An extension to the L2/L3 cache talk on page 6 is the move to dual sockets and NUMA. There is a performance penalty due to latency for having one thread access memory that is found on a remote socket. Memory mirroring between sockets can eliminate that remote penalty while increasing RAS but at the cost of halving effective memory capacity. The manual isn't clear if mirroring mode or the lockstep mode is across different sockets (it can be done across memory channels as well).

    I'd also would have loved to have heard some comparisons with the Gigabyte GA-X79S-UP5. While the name implies an X79 chipset, it uses the C606 chipset. It'll support ECC memory with socket 2011 Xeons and plenty of over clocking features (for the daring). Comparing the GA-7PESH1 to the GA-X79S-UP5 would have been able to answer if the move to dual sockets would have been worth the extra cost.
  • Hakon - Saturday, January 5, 2013 - link

    Somehow does read like an anonymous peer review :-)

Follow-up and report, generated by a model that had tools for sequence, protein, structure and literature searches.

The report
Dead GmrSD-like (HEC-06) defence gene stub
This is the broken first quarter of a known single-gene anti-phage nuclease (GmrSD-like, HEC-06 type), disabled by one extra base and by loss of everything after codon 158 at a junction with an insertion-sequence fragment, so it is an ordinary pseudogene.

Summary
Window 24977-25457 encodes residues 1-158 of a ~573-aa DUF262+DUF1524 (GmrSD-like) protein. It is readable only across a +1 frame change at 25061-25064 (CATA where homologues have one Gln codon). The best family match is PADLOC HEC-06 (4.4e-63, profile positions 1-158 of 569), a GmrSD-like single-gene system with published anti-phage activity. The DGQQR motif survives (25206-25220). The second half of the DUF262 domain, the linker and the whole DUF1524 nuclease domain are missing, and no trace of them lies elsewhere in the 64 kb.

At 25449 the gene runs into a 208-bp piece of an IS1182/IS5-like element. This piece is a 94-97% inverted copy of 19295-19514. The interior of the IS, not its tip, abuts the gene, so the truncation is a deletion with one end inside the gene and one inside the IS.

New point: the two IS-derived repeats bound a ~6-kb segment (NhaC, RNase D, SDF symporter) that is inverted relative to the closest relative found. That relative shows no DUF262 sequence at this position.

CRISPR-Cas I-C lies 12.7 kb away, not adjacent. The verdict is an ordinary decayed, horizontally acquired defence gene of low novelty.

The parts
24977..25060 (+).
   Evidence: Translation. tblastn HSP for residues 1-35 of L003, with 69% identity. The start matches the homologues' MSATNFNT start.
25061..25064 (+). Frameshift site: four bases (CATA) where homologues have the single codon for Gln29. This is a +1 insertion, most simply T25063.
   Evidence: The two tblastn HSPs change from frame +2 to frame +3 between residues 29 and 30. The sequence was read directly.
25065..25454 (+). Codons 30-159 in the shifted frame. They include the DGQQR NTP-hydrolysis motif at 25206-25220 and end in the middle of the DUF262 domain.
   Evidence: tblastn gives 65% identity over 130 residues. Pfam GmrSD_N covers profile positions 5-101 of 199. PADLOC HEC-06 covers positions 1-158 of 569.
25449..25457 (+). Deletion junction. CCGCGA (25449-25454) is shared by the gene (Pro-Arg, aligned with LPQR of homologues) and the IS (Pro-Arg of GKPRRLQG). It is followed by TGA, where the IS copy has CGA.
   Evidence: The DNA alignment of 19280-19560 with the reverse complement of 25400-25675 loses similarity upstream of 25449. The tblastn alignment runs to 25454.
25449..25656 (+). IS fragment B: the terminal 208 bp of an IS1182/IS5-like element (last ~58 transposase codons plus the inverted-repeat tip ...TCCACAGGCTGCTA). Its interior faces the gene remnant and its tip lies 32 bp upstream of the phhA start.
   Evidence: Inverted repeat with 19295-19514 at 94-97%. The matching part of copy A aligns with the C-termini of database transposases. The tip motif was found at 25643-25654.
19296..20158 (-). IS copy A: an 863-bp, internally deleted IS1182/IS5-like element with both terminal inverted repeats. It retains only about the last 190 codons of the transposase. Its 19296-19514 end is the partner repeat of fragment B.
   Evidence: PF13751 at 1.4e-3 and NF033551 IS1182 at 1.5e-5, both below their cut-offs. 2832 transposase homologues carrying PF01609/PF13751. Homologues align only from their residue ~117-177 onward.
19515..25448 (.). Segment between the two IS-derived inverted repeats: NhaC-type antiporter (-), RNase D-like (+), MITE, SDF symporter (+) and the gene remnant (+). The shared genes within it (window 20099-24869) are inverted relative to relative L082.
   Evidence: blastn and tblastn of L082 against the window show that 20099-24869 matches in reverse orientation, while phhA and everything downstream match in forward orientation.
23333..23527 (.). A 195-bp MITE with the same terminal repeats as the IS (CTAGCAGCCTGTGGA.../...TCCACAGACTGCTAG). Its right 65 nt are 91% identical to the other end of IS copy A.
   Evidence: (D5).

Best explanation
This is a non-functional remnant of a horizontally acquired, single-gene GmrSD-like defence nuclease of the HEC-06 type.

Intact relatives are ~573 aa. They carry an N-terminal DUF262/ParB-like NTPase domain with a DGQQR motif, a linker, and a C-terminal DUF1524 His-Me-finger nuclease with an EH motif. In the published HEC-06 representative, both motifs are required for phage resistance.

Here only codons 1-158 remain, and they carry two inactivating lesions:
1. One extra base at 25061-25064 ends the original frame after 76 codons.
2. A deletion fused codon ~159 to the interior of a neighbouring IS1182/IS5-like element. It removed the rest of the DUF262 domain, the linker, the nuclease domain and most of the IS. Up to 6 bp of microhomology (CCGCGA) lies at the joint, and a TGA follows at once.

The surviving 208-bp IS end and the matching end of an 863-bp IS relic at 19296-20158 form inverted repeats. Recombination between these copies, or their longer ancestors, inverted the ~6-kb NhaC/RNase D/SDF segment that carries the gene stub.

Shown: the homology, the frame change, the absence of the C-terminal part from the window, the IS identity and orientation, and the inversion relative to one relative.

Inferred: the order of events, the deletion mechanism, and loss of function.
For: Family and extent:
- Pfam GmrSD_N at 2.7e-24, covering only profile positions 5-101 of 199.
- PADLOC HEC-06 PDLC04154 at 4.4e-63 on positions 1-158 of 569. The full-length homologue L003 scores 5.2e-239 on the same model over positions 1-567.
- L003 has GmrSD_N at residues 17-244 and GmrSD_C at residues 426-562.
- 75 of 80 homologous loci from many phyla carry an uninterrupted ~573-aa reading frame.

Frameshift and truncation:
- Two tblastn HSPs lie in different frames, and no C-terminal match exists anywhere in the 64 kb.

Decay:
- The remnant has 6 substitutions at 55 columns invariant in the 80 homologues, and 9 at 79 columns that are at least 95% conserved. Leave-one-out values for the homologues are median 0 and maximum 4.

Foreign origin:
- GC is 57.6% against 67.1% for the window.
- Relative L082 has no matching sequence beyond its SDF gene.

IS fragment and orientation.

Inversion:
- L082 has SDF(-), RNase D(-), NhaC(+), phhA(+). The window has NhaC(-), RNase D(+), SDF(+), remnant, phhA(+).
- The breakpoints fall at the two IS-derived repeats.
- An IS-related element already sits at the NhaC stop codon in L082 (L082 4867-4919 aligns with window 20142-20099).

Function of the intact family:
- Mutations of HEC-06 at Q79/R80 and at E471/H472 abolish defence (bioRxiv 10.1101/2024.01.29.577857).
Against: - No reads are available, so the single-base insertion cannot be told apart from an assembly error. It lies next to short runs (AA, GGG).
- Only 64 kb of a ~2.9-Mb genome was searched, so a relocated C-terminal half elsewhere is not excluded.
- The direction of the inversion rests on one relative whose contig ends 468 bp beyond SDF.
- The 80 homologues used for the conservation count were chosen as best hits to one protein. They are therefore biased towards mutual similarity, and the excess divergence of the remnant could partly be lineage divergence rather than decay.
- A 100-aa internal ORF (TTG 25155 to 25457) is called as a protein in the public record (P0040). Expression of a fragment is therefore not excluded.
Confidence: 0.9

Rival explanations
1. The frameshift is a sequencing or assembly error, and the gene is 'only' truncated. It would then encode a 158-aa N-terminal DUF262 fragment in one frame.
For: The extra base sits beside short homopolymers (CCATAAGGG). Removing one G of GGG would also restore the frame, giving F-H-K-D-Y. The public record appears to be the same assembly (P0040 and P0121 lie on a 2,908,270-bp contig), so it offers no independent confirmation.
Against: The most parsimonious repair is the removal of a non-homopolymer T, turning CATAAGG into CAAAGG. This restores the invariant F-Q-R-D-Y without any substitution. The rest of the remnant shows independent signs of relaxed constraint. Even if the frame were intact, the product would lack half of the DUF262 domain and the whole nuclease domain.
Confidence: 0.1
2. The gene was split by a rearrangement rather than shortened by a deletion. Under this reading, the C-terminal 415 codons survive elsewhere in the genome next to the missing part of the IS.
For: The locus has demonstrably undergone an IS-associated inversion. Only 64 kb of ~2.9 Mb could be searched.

• Kevin G - Sunday, January 6, 2013 - link

    A little bit. :)

    Part of my criticism isn't about the article itself but rather the general state of massively multithreaded hardware and software. The hardware portion is quickly running into software limitation that were never expected to be reached in the professional space. A decade ago who thought that a scientist could purchase a 240 simultaneous thread processor that would fit on a mere expansion card? In some cases we don't reach Amdal's Law before hitting an artificial barrier due to scheduling or coherency overhead.

    I just noticed that the system was using Win 7 Professional which has a limit of 64 concurrent threads per process. A quad socket LGA 2011 config would actually be at the very limit of what Window 7 (or rather 2008R2 since professional only scales to two sockets) can handle. OpenMP can handle more than 64 concurrent threads but on Windows it has to submit this limitation.